# Using the difference quotient

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• Jan 28th 2010, 11:49 AM
jtowery
Using the difference quotient
Can somebody please help me out with this?

Let $\displaystyle f(x)=(2/x)-4$, then the expression

$\displaystyle [f(x+h)-f(x)]/h$ can be written in the form

$\displaystyle (A)/(Bx^2+Cxh)$, where A, B, and C are constants.

Find A, B, and C.

Any help would be greatly appreciated. Thanks!
• Jan 28th 2010, 11:59 AM
1005
Quote:

Originally Posted by jtowery
Can somebody please help me out with this?

Let $\displaystyle f(x)=(2/x)-4$, then the expression

$\displaystyle [f(x+h)-f(x)]/h$ can be written in the form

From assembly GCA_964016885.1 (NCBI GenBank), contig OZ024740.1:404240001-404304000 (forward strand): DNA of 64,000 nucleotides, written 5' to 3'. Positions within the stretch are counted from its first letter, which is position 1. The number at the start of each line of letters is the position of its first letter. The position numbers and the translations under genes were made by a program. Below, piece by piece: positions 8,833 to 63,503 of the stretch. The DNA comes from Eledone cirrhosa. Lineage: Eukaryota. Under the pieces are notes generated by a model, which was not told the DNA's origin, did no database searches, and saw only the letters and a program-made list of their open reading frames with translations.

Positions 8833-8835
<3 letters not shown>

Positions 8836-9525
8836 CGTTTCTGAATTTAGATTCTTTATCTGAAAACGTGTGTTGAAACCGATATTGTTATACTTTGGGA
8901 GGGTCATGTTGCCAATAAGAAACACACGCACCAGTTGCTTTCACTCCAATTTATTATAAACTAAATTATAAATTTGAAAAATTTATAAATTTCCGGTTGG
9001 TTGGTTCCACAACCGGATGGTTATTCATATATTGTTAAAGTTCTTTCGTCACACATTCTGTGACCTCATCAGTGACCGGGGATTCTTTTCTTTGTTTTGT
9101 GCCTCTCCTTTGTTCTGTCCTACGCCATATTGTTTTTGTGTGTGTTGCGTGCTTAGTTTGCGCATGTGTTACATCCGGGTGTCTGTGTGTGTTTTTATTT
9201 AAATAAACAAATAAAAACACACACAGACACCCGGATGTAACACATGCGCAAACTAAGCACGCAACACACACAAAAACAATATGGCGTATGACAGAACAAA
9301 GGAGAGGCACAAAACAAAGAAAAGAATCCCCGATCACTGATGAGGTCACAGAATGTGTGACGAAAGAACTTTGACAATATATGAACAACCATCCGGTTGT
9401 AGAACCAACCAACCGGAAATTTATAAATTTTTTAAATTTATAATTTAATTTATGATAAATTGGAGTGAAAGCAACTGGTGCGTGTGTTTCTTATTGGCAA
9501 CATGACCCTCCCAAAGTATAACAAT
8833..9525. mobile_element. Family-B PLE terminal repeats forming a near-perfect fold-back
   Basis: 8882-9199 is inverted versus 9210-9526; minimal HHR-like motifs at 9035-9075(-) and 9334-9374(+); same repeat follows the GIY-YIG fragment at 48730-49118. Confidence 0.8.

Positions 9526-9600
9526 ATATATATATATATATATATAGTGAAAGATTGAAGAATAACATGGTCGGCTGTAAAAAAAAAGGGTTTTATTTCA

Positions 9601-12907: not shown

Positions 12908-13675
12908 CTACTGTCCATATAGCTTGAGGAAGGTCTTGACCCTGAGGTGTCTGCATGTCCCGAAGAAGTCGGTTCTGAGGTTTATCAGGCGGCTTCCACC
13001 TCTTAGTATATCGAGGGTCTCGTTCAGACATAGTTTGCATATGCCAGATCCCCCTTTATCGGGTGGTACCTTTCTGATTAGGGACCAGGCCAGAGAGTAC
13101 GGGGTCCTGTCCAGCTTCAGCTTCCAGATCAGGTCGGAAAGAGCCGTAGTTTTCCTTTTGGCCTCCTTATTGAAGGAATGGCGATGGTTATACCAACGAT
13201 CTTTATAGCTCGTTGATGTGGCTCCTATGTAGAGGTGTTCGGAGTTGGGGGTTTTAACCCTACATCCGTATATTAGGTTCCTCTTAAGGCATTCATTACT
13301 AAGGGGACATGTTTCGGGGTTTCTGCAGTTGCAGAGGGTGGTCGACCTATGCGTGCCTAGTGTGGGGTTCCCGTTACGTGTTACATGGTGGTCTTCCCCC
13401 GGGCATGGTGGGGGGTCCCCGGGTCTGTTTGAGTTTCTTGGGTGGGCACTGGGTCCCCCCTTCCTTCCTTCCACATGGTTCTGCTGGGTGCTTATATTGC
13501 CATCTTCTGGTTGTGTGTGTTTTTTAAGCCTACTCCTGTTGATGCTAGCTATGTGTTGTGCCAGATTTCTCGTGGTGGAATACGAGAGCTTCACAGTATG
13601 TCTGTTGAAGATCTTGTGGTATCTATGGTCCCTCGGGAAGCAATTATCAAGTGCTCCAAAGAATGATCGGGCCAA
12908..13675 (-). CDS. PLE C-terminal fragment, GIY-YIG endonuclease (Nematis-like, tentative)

$\displaystyle (A)/(Bx^2+Cxh)$, where A, B, and C are constants.

Find A, B, and C.

Any help would be greatly appreciated. Thanks!

$\displaystyle \frac{\frac{2}{x+h}-4-(\frac{2}{x}-4)}{h}$
the 4s cancel
$\displaystyle \frac{\frac{2}{x+h}-\frac{2}{x}}{h}$
divide the h into each part
$\displaystyle \frac{2}{h(x+h)}-\frac{2}{hx}$
make each denominator the same
$\displaystyle \frac{2hx}{h^2x(x+h)}-\frac{2h(x+h)}{h^2x(x+h)}$
combine
$\displaystyle \frac{2hx-2h(x+h)}{h^2x(x+h)}$
1 h on top cancels with 1 h on bottom + factor out 2
$\displaystyle \frac{2(x-x-h)}{hx(x+h)}$
x's on top cancel leaving another h to cancel with the h below
$\displaystyle \frac{-2}{x(x+h)}$
expand denominator
$\displaystyle \frac{-2}{x^2+xh}$
$\displaystyle \therefore a = -2$
$\displaystyle b=1$
$\displaystyle c = 1$
• Jan 28th 2010, 12:11 PM
jtowery
nvm?
• Jan 28th 2010, 12:13 PM
pickslides
Quote:

Originally Posted by 1005
nvm

??

$\displaystyle \frac{f(x+h)-f(x)}{h}=\frac{\left(\frac{2}{x+h}-4\right)-\left(\frac{2}{x}-4\right)}{h}=\dots$

Now simplify.
• Jan 28th 2010, 12:16 PM
jtowery
Awesome. Thank you both so much